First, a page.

Navy football resumes week after teammate’s death
April 2, 2014 § Leave a comment
A week after the death of freshman slotback Will McKamey, the Naval Academy football squad resumed spring football drills Tuesday amid questions remaining about what caused the brain trauma that led to his collapse at practice. “We took time off to mourn,” Navy coach Ken Niumatalolo said of the four canceled practices and the team’s attendance at McKamey’s funeral Monday in Knoxville, Tenn. “There’s nothing that prepares you for that.”
McKamey, 19, of Knoxville, collapsed during a morning practice March 22 and died three days later after cranial surgery.
The Maryland Office of the Chief Medical Examiner said the cause of death was “traumatic brain injury” from bleeding on the brain and deprivation of oxygen to the brain.
The Navy will investigate the death, as is standard, said Commander John Schofield, the academy’s public affairs officer.
“That happens … whether you are on a ship or at the Naval Academy or at the Pentagon,” Schofield said.
Among those at the funeral was running game coordinator and offensive line coach Ashley Ingram, who recruited McKamey.
“He was loved at home, but obviously he was loved here, too. A great loss for all of us,” said Ingram, who was on the field when McKamey collapsed. “There was nothing, nothing that happened that you would say, ‘Oh, man. There was something there.’ There was really nothing obvious that you would have noticed out of the ordinary.”
Navy will open its 2014 season against Ohio State on Aug. 30 in Baltimore.
“Like Coach Kenny said, we’re going to be mourning for the rest of our lives,” said Navy quarterback Keenan Reynolds. “But we’ve just got to move forward. The only thing we can do is dedicate this season to Will and come out here and work hard and remember him.”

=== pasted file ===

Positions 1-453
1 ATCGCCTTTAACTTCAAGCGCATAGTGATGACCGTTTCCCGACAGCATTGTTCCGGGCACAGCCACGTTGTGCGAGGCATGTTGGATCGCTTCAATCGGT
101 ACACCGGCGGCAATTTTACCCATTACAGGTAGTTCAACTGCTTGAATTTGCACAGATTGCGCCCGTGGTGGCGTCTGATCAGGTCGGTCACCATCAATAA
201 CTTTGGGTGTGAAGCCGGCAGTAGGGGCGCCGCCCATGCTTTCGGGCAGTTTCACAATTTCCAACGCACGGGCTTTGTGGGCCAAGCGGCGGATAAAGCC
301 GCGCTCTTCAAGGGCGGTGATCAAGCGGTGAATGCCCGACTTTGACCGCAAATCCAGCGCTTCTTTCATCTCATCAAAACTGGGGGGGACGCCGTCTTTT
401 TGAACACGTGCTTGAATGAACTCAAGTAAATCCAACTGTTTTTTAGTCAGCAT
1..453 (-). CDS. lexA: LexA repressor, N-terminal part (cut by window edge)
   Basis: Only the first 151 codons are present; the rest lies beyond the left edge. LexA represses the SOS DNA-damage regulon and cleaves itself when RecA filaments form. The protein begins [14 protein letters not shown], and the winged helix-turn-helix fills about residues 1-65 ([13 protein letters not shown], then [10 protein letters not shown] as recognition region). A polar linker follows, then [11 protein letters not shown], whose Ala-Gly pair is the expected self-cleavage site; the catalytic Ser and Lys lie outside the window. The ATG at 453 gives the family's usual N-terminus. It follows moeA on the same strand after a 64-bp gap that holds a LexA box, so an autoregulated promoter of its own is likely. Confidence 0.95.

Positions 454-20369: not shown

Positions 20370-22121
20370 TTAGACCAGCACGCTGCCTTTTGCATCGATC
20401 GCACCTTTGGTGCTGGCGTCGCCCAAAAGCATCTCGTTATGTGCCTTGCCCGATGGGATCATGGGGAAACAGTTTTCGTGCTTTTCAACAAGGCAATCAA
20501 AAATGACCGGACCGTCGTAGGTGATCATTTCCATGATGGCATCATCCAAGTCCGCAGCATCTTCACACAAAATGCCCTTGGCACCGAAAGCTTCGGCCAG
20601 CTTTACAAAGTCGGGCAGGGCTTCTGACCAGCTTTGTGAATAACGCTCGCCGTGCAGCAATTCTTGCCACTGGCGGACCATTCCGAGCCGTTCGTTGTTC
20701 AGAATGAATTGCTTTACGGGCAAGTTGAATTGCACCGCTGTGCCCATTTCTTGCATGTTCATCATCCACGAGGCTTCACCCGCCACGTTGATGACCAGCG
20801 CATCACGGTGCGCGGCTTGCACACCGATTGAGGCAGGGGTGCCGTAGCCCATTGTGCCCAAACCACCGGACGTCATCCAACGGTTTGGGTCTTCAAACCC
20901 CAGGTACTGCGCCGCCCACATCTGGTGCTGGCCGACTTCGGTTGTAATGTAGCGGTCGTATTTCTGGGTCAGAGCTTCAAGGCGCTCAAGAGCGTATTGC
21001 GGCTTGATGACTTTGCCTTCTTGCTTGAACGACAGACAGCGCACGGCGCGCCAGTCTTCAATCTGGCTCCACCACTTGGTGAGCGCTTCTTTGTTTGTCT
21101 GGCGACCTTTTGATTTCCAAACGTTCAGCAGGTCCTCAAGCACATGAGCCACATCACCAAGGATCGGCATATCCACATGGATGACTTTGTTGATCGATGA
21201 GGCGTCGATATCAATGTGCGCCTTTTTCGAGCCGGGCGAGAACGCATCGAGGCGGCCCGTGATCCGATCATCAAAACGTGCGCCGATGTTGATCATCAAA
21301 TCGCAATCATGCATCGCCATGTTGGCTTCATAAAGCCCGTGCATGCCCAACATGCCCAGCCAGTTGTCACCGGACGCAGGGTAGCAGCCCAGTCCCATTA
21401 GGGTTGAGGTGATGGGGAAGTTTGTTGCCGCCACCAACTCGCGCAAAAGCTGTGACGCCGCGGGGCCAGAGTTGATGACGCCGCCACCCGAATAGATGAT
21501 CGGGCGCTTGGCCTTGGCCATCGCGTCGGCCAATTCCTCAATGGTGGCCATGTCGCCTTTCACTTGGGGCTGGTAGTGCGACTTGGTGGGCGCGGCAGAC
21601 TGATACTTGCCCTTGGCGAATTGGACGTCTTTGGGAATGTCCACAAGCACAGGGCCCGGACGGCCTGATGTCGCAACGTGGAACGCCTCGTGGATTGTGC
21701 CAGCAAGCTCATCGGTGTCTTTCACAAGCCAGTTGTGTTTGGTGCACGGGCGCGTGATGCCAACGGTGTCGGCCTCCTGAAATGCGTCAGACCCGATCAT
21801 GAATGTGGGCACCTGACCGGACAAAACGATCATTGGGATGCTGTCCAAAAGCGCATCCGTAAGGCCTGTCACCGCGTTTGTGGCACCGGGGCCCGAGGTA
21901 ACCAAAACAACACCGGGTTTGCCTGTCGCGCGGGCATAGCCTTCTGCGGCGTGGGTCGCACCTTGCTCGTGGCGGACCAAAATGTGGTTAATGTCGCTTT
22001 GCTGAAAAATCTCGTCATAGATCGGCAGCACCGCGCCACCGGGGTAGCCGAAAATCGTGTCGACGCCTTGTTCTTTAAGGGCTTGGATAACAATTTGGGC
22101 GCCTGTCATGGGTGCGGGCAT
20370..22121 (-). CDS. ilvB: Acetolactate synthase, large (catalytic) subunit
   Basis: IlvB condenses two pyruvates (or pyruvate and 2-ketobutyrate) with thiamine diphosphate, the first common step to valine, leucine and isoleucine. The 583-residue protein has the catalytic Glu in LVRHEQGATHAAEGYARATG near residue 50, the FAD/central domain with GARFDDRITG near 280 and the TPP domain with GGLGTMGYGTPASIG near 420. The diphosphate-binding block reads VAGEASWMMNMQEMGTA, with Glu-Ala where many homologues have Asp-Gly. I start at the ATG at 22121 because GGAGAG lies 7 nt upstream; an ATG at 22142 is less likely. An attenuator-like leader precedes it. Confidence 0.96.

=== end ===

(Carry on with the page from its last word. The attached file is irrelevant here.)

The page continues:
Reynolds, also from Tennessee, recalled his first meeting with McKamey and his father Randy, who coached McKamey at Grace Christian Academy in Knoxville.
“I met him when he first came up here last spring to watch us practice,” Reynolds said. “I got to know him and his father a little bit. And I can only say good things about that whole family.”
McKamey also suffered a brain injury during his senior year of high school but recovered without surgery. His mother, Kara, wrote on Facebook that four neurosurgeons examained her son at the time before clearing him to return to football.
She also wrote that her son “did not sustain a bad hit or unusual or extreme contact” on the day he collapsed at Navy.
“The Navy coaches have poured through the films of practice and seen nothing more than Will carrying the football normally, doing what he truly loves,” she wrote.
Asked about that, Niumatalolo said, “It’s hard enough that (he) passed away. That’s paramount. … The hard part is we wish we knew what happened.”
In the past six weeks, two other Midshipmen have died.
Hans Loewen, 20, of Hampstead, N.C., died Saturday at Baltimore Shock Trauma, a week after sustaining head injuries in a skateboarding accident while away from the academy.
In February, Max Allen, 25, of Chesterfield, Va., was found dead in a submerged vehicle in College Creek on the academy grounds.
“With the three deaths that have taken place here in the last six weeks, we’ve convened or started a JAGMAN investigation on each one,” said Schofield.